Combining labels and archiving is an extremely powerful way to process your email. You will find that you have eliminated email clutter once you apply these steps. But it may be that as you read this, your inbox is overflowing with thousands of emails. Whatever you do, don’t try to handle them all in one sitting. Break the organizing session into several small projects for yourself. Then, when you achieve your goal, make sure you reward yourself. You’ve earned it, now that you’ve banished all that email clutter.

* In a separate post next month, I’ll be sharing additional creative and effective tips in using labels to increase your productivity.

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About the author

Tina Su is a mom, a wife, a lover of Apple products and a CHO (Chief Happiness Officer) for our motivational community: Think Simple Now. She is obsessed with encouraging and empowering people to lead conscious and happy lives. Subscribe to new inspiring stories each week. You can also subscribe to Tina on Facebook.

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34 thoughts on 4 Steps to Banish Email Clutter

  1. I use folders on AOL, but I’ve never tried Gmail. I’ll try it and your suggestions. Thanks!

  2. I now have an account on gmail and am moving a lot of my subscriptions there. I have also added you as a technorati favorite…keep up the good work!

  3. Hey Jean! Thanks for the feedback and the add. Much appreciated. Also, if you own your own domain name, google apps is great for email server. It’s super easy to setup and you basically end up using gmail technology for your domain name emails. ie.

  4. Abe

    This is a wonderful subject! Our email’s inbox is now our portable filing cabinet. Adopting a system to manage it increases our efficiency. Keep writing on the topic!

  5. Thank you Abe for your support and readership.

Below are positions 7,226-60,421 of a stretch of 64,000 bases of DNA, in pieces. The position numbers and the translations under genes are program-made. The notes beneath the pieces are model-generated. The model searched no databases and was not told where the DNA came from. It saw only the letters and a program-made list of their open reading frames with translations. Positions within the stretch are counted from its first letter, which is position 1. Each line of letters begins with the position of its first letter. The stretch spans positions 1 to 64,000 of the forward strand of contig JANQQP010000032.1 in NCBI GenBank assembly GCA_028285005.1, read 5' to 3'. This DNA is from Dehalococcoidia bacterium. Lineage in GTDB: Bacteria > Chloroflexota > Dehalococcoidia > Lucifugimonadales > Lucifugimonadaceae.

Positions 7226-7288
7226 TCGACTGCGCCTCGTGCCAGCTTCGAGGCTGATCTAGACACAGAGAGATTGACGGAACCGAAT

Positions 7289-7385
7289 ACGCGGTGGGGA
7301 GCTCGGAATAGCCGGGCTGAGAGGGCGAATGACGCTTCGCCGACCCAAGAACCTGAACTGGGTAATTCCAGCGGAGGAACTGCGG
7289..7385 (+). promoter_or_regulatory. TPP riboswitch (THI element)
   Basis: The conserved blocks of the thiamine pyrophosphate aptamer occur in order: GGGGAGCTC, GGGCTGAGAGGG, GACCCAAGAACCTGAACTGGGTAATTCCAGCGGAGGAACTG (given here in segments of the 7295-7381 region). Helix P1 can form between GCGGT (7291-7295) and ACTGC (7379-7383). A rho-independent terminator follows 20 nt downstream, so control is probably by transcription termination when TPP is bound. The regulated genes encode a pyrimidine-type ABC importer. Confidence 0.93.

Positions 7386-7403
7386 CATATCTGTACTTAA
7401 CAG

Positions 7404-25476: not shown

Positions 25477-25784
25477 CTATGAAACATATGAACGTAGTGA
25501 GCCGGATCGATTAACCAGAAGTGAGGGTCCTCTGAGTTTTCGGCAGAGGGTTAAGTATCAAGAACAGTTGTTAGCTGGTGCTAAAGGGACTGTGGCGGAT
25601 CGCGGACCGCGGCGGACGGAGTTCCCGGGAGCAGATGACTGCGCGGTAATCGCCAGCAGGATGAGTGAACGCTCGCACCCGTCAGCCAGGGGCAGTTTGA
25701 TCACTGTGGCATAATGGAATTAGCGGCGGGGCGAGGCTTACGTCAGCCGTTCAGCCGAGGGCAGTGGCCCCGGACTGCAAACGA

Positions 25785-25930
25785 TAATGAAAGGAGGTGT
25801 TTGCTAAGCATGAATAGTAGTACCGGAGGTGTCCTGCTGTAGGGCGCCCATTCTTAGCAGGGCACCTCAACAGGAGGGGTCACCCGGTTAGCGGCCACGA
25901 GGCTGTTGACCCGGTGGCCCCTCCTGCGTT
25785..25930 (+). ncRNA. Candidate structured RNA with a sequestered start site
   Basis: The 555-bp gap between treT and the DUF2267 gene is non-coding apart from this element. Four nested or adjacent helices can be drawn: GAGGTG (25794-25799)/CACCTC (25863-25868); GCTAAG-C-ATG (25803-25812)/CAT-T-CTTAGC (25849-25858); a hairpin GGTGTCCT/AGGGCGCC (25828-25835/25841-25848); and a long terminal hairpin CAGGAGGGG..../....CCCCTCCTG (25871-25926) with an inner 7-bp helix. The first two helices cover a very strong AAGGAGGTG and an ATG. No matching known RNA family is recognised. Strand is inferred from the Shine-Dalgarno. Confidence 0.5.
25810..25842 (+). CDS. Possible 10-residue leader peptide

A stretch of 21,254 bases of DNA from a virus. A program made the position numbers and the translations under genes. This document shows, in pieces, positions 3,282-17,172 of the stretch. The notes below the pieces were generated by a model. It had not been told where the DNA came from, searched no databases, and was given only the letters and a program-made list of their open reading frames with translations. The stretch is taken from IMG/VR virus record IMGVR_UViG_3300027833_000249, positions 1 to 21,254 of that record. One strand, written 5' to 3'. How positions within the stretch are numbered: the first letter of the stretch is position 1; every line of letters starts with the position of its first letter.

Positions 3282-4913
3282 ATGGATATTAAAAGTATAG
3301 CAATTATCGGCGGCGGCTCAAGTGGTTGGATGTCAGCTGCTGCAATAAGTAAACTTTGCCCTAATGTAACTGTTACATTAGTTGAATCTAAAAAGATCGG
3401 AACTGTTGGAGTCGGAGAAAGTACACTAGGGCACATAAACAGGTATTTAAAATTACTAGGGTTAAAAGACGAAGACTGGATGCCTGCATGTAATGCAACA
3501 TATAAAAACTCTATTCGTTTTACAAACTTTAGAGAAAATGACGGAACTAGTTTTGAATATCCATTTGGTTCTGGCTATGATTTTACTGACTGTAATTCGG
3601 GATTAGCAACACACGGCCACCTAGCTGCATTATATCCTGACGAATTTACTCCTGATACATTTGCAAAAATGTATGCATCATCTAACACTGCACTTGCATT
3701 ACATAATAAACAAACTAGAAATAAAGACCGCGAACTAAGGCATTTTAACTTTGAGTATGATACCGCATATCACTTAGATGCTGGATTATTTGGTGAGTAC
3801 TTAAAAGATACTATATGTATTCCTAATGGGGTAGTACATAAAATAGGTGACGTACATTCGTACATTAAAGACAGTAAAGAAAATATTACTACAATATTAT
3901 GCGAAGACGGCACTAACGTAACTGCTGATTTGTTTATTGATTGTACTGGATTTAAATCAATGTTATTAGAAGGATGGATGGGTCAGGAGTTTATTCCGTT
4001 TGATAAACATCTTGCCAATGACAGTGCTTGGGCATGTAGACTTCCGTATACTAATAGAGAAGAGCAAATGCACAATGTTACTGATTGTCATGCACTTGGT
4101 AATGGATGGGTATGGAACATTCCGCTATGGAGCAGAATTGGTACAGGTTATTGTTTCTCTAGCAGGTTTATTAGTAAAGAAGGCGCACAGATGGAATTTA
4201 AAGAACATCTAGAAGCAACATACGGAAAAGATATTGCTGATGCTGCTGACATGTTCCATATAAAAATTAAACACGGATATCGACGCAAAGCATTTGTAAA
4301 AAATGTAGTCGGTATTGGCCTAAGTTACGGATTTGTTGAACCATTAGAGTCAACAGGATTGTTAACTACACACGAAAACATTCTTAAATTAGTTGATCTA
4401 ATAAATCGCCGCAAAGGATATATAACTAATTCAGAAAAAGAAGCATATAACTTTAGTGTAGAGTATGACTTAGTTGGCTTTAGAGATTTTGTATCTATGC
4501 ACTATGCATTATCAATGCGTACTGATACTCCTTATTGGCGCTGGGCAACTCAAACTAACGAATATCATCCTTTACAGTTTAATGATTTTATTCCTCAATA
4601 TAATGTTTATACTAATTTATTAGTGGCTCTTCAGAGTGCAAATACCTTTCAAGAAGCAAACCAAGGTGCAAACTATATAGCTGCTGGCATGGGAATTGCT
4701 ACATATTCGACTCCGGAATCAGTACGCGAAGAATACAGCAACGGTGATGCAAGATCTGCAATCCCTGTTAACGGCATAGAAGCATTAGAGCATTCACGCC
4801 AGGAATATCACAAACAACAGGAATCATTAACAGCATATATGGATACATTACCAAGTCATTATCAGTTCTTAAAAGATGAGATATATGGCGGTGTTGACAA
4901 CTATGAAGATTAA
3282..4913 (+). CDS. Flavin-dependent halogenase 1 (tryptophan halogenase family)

6. I love gmail as well. I have lots of emails so to save time in opening all of it, I added everything on my gmail account, so that everything would be directed into one email.

  7. Thanks for the simple implementation – nice thinking. I was just thinking about this yesterday [1], but from a perspective of keeping as much of a self-management system as possible, but eliminating as much as possible at the same time. I came up with about a 70-80 system (not 80-20) that is heavy on the calendar. Works with email and everything else, though…

    [1] Extreme GTD: How low can you go (or: Can we 80-20 GTD?)

  8. JD

    I found the most helpful thing I do to keep a zero mail inbox is to keep a tickler list for action. I keep a separate list of actions so that as I scan through my stream of mail, I can pick off the actions and throw them into my tickler list. This prevents paper shuffling and helps me avoid being a slave to my inbox. I can then prioritize the items in my tickler list as I see fit.

  9. shari weller

    may, talk about Clutter. my computer desk is the same way. I had just recently moved, and my desk lo0oks alittle beter than it did when I lived in another area a few years ago, butnow it looks a little better. although alittle organizing still needs a little more work, but than i’m wondering will i ever keep it this way?

  10. Great post, thanks for the info

  11. I follow your blog for quite a long time and must tell that your articles are always valuable to readers.

  12. I usually do not comment on blog posts but I found this quite interesting, so here goes. Thanks! Regards, P.

  13. Thomasina Vizena

    Thank you for your help!

  14. Keep doing what you’re doing!

  15. You made some good points there. I did a search on the topic and found most people will agree with your blog.